seize the means of connection
@neil Something Lenin fully appreciated the importance of, FWIW:
@neil Lenin, "First you take the telegraph".
I ran across my earlier mention of this elsewhere:
"'The Bright Tomorrow' -- Growing up in Brezhnev-era Russia"
Cool, thanks for that. I like how the word connection is polysemic here - I kind of sort of meant it in the sense of our social connections, but knowing it is a bit ambiguous and easily translates to the infrastructure, network connections, etc. And these days the two are so heavily intertwined, and you can't have one without the other.
Both very heavily mediated and often used against us.
Article looks interesting too, what happens in a revolution gone awry.
@neil I need to re-read that piece, it's been a few years.
The morphological similarity of interconnection-based systems is a deep and profund concept that most people don't appreciate. In my #TechOntology I've included #networks as one of the nine fundamental mechanisms by which technology operates.
A network being any physical or logical set of nodes and links through which matter, energy, people, and/or information flows. Relationships are a form of information.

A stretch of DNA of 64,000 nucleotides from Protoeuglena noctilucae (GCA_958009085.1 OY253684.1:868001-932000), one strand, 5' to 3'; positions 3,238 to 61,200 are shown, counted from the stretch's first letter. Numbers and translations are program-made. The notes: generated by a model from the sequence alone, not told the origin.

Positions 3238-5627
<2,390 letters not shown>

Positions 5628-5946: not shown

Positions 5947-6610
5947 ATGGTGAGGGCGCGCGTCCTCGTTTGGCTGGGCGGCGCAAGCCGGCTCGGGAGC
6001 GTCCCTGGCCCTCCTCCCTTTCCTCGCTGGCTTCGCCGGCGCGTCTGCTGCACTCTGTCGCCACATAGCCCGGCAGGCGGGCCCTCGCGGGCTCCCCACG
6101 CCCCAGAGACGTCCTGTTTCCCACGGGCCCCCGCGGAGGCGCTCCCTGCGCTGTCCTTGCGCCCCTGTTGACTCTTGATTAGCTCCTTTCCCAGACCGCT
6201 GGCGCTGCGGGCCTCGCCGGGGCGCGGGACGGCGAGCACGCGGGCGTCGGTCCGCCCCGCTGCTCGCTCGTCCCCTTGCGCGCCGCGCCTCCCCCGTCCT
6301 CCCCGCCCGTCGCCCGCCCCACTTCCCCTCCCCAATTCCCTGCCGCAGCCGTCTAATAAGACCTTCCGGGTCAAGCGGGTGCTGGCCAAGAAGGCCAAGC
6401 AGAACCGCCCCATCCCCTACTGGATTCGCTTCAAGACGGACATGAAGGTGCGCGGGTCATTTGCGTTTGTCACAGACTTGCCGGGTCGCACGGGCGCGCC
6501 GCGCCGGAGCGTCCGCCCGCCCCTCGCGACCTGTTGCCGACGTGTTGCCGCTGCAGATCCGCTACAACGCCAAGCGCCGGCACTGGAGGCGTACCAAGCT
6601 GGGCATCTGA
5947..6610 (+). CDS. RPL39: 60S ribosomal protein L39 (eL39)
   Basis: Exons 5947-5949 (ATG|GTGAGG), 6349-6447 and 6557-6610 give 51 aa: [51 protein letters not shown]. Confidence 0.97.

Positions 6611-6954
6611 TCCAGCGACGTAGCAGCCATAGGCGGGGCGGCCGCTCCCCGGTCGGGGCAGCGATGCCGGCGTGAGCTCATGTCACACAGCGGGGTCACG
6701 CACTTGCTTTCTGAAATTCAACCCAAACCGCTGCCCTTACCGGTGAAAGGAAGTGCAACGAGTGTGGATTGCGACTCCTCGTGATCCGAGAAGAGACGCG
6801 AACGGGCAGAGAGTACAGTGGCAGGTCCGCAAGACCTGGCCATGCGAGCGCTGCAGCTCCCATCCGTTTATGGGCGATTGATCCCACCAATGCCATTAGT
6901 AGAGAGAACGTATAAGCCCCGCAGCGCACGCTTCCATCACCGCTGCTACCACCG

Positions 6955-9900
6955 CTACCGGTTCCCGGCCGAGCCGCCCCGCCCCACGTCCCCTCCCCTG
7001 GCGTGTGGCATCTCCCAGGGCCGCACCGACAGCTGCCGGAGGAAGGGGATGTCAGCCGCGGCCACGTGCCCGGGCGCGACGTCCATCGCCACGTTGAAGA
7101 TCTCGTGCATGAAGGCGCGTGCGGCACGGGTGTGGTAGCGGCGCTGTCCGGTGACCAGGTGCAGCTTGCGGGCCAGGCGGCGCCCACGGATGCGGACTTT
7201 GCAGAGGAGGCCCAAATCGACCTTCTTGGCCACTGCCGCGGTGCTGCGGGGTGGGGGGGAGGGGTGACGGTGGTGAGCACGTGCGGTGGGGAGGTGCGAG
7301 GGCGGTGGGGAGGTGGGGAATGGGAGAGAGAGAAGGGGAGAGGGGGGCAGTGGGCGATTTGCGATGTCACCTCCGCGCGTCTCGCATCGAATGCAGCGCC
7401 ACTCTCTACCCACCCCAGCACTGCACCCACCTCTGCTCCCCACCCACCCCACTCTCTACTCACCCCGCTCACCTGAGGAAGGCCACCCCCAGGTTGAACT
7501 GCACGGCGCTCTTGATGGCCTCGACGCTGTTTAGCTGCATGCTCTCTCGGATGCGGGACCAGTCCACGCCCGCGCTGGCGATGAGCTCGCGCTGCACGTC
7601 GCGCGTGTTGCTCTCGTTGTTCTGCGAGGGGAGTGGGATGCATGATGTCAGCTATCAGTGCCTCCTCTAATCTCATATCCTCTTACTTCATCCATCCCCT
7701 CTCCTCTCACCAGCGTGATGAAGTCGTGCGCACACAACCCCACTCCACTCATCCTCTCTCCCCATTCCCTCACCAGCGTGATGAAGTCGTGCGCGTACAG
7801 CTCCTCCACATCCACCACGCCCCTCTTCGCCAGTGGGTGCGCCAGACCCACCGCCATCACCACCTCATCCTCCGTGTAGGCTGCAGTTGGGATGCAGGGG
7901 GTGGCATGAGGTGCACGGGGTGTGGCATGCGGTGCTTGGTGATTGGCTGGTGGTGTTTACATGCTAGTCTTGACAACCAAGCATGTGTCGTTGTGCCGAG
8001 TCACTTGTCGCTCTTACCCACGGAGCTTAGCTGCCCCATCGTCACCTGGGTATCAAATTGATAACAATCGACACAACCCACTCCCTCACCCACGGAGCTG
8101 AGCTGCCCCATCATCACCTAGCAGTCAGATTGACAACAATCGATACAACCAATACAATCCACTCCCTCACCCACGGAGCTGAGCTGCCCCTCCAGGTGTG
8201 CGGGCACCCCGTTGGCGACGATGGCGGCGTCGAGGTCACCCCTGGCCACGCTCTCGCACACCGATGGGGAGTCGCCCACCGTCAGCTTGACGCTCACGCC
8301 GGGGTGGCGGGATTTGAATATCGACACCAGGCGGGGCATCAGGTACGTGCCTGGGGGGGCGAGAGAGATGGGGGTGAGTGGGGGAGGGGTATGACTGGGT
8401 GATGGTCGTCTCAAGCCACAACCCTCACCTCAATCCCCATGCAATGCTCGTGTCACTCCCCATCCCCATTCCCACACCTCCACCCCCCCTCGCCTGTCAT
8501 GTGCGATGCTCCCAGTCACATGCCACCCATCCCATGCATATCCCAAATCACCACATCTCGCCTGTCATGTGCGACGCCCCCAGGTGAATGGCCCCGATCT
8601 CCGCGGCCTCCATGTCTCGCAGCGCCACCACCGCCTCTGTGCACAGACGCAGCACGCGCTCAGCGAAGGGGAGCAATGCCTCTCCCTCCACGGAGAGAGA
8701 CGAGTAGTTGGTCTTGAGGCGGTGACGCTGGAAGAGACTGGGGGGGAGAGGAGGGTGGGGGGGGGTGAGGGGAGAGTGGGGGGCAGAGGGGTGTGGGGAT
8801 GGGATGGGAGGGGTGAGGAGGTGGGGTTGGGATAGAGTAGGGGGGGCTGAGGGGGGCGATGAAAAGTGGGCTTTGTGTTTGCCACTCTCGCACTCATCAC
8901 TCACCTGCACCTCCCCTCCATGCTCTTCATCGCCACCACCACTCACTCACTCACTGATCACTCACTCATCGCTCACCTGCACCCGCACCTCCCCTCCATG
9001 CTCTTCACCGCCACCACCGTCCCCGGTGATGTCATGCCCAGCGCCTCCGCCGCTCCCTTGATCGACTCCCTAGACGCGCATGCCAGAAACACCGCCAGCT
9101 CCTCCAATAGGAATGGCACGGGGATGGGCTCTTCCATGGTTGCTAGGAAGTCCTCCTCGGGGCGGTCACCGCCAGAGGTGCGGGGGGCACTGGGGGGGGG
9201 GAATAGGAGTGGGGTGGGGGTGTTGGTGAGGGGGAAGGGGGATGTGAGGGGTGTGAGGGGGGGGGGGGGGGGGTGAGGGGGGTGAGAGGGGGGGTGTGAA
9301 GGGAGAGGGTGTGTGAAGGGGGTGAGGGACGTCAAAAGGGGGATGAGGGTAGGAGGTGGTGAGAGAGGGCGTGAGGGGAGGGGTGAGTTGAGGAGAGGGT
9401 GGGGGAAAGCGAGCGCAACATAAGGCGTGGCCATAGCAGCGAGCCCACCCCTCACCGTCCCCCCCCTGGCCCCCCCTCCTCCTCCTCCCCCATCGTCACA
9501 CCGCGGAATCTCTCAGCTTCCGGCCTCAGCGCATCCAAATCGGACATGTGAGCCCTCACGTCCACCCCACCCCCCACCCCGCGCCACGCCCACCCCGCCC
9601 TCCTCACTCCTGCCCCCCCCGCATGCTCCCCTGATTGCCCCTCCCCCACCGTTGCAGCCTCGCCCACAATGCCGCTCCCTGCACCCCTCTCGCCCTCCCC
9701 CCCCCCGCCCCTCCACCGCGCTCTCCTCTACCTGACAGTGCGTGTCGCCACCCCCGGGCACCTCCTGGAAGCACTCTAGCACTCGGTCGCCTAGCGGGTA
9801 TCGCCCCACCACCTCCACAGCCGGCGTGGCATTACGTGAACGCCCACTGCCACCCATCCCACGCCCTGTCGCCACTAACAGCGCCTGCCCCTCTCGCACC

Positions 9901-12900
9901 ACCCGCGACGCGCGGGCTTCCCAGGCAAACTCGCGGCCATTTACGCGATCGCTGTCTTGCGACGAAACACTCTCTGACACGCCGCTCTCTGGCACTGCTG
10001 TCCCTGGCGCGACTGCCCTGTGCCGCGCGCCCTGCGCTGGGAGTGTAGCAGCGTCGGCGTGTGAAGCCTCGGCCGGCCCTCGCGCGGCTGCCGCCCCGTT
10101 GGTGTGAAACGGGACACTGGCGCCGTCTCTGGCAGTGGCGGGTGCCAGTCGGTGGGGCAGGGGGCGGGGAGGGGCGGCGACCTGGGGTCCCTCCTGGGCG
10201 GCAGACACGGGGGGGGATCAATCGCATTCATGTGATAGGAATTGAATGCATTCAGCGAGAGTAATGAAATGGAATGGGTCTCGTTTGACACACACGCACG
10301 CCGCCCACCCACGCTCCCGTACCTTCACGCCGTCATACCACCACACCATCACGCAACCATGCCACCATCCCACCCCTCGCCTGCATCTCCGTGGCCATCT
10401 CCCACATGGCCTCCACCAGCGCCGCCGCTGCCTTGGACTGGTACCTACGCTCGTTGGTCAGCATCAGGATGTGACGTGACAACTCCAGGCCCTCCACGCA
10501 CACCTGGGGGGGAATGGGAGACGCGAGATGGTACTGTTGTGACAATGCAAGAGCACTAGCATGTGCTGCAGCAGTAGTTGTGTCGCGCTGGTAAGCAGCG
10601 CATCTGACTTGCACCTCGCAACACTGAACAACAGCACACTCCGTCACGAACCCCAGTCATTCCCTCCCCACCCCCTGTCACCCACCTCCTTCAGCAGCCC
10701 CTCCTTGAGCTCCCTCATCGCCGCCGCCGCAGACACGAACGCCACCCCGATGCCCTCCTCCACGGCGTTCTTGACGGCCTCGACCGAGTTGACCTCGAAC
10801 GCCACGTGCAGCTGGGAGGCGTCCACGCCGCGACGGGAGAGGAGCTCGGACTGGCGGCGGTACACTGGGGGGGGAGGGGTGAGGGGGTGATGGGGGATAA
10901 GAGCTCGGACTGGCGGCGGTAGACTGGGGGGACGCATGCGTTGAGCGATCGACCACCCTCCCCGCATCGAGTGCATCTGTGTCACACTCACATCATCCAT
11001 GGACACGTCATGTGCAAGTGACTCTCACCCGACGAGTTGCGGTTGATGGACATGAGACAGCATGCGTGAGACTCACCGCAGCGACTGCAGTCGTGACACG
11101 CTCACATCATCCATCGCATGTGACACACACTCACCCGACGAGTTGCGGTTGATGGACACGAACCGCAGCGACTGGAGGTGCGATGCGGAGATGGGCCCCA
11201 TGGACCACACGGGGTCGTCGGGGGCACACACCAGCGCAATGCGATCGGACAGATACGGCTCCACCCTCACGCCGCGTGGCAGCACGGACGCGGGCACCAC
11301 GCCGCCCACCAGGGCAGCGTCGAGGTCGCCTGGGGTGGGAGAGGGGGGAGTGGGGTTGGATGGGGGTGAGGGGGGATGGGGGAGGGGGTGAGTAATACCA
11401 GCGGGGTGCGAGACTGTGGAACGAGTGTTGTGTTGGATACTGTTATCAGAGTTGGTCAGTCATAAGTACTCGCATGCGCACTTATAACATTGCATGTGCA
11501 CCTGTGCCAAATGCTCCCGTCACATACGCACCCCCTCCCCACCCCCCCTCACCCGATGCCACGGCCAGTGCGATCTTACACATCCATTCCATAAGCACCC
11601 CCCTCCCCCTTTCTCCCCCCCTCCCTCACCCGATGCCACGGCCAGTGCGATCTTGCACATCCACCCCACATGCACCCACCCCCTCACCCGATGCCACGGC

Physical comms and ...
@neil ... transport links absolutely impact social relationships.
And any centrally-located / low-cost link between multiple nodes becomes a control hub. Whoever / whatever controls what does or doesn't flow through that hub, has control over the network as a whole, or at least a large chunk of it.
So yes, your little quip is quite profound, whether intentionally or not.
@dredmorbius Do you have a resource with more details about your tech ontology?
@neil Thought you'd never ask ;-)
It's still pretty loose, though mentions here:
And a longer though slightly stale version (re-structured a few categories, basic concepts are largely intact), here:
The first link shows the current classifications.
@neil There are also some relationships to concepts of industrial / economic sector classifications. The mapping is a bit rough, but should be reasonably apparent:
> "Technology" is a word about as specific as "sports" or "food" or "animal".
Hell yes. Your ontology looks very useful for framing thoughts, thanks.
@neil I'd *really* appreciate critiques or feedback.
Still kicking that around, but I've found it an exceedingly useful classification tool. Particularly where considering various arguments / technologies, and thinking "how does this work? what are the mechanisms?"
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